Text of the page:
Way back in my early twenties, I was a waitress at an upscale bar. It was a typical darkly lit “date” club. I remember being able to pick out the couples who had been married for a long time….they weren’t having as much fun as the couples who were just dating. I remember that the older (meaning in their 40’s!) couples didn’t talk or laugh so much. I remember that during the lunch rush, these couples would read separate sections of the newspaper and not speak at all! And when they did talk, they didn’t lean into one another, hold hands, or stare into each other’s eyes. I remember thinking that this would NEVER be me. I would never allow my marriage to become silent or dull.
Well, I do understand some of this now, and I can appreciate it. Reading the paper over lunch isn’t such a bad thing. HOWEVER, almost always, Steve and/or I will find some nugget to share with the other. For instance: “Oh, Lord, look at what our president said now,” I might say to Steve and continue on to read the quote to him. We will then have a short conversation about our frustrations with our government before we go back to our respective reading material.
I also understand that, as the years pass, speaking isn’t so necessary. We know our spouse so well; we don’t need to have the conversation. In fact, why would Steve and I need to rehash our conversation about the President? We both know where the other stands on this. Right?
Perhaps not. Perhaps this is a relationship black hole. Once you skirt the periphery of this kind of assumption, you are in trouble. The hole sucks you in faster and further until one day you turn around and realize that you and your husband just don’t talk anymore. Not only this, you don’t even know what they think anymore.
It’s a TRAP. And a tricky trap at that. We can be talking to each other all along, and still find ourselves losing the essence of one another. The tricky part is that we get caught up talking only about the minutia of life: schedules, remodeling, fixing the car, daycare, bills, TAXES, cleaning, new purchases, etc…. Of course, in order to keep our lives in order, we must talk about all of these things. However, it is my contention that quite often it is in place of real communication.
I bring all of this up as part of my series to recapture “that lovin’ feelin’”. As I have on my other “lovin’” topics, it is helpful to think back to our dating days. What did you talk about then? You didn’t have the house or the kids or the cars or TAXES back then. Most likely you talked a lot more about your dreams, your plans, what you liked/disliked, how you felt.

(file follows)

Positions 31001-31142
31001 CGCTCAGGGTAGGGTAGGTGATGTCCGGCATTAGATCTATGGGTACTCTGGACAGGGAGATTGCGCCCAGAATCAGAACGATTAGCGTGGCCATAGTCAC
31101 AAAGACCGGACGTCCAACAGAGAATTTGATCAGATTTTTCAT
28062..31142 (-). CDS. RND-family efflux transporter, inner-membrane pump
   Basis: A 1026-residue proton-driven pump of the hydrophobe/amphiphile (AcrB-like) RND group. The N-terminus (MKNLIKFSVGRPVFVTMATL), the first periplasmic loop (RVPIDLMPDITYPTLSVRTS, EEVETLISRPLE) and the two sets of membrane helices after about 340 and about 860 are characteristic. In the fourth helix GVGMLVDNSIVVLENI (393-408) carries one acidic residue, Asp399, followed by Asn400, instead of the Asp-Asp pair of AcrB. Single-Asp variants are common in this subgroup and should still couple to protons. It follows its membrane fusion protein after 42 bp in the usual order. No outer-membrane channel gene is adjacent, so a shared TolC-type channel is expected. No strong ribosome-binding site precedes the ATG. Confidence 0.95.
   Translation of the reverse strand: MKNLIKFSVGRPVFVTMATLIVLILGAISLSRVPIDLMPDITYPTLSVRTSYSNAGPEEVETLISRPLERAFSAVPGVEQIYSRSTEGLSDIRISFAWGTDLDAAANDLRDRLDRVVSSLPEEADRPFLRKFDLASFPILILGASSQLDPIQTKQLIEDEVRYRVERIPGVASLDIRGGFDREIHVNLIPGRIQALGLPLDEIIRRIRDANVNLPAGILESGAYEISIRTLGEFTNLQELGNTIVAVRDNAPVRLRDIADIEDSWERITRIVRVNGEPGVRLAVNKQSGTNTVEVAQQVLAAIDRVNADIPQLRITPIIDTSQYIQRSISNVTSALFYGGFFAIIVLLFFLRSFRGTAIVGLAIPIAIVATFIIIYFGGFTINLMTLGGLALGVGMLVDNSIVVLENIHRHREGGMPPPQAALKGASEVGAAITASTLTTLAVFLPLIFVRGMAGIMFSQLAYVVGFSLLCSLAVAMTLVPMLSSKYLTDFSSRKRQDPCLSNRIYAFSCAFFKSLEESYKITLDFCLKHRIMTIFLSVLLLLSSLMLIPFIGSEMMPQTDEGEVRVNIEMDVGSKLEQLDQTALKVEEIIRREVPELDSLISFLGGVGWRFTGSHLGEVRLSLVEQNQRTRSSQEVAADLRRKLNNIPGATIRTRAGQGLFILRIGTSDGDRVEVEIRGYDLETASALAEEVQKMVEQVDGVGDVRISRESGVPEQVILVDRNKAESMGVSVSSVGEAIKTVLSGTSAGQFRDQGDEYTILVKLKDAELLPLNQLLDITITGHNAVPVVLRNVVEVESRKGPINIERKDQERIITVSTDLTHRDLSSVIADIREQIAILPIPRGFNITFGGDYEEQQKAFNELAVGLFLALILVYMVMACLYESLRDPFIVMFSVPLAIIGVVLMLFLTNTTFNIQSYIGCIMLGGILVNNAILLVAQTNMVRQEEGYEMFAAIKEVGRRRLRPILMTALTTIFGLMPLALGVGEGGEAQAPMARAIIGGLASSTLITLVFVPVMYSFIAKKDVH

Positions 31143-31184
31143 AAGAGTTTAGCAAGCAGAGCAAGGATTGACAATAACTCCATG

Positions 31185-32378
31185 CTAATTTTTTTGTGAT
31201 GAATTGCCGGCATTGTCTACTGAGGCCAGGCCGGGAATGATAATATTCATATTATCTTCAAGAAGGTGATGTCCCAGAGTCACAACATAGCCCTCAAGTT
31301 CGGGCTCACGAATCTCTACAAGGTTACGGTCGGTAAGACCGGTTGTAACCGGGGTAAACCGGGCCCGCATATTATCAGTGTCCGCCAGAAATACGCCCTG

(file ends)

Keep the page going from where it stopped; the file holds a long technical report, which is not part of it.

Aside: Sometimes it seems like the only time we speak of any of these things it is in the middle of a disagreement: “I hate it when you….” or “I am so mad that you…” Communicating? Nah, I don’t think so.
So what to do? Seems pretty easy on the face of it: we just need to set aside time to talk with our spouse about our dreams/thoughts/needs/desires/feelings. But when you get down to the nuts and bolts, maybe not that easy. First of all, who has the time for a long heart-to-heart? If there is any time left in a day to communicate, then we have to talk about who will pick up the kids from day-care and how the car is going to get in for servicing.
Well, there’s always, ummm, DATE NIGHT (four blogs ago). If you haven’t set up date night yet, why not? Please think about it.
Either way, there is one key making the time. Multi-task (after all, we are experts at this, right ladies?). Walk and talk: begin a daily walking program to get into shape together. Drive and Talk: grab the time to talk when you find yourselves alone in the car for more than a few minutes. Eat and Talk: just because the kids are there doesn’t mean you can’t have a meaningful conversation. One night a week (when the kids are a bit older), pick a meaningful topic for all of you to comment on.
My favorite is the walk and talk. Try to take a walk together at least once a week without the kids. You must make rules otherwise it is just too tempting to fall back into the usual chatter. Pick a subject for the walk. For instance: Where do you want to be in 5 years? I AM SERIOUS HERE. Seems corny, or like an interview? Come on, when’s the last time you talked about these things? Isn’t it important to talk about the future in terms of dreams and not only how much you have paid down your mortgage?
Some more (clichéd?) ideas: what passion(s) have you been ignoring in your life? How has our relationship changed the most? What do you miss about our relationship 10 years ago? Where do you want to retire? What would you be doing if you didn’t need to work for money? What is the thing I do that most annoys you (be o.k. with this – we all do annoying things and better to know about it!)? What is that which most turns you on? What surprises you the most now that you are “all grown up”? ETC………..
As hard as you can, try to keep these conversations non-critical. Try not to take what the other says personally. For instance if he says that he is bummed that he gave up playing the guitar because he had to work more to bring in more money so you could stay home with the kids….don’t get defensive! Just listen, and be o.k. with it. Understand that neither of you are in this conversation to hurt the other. In fact, both of you should put on your “empathy” hats for the walk so that whatever you hear is padded with understanding, not judgment. (I better stop here before I get any more hackneyed!)
The hope here is that these talks will spark other talks so that when you go out on that dinner date, the waitress might just see two people completely engaged with each other. After all, it is a lot easier to gaze into each other’s eyes, and hold hands over the table, while talking about your dreams than it is while talking about the bus schedule….
This concludes another view from my married life.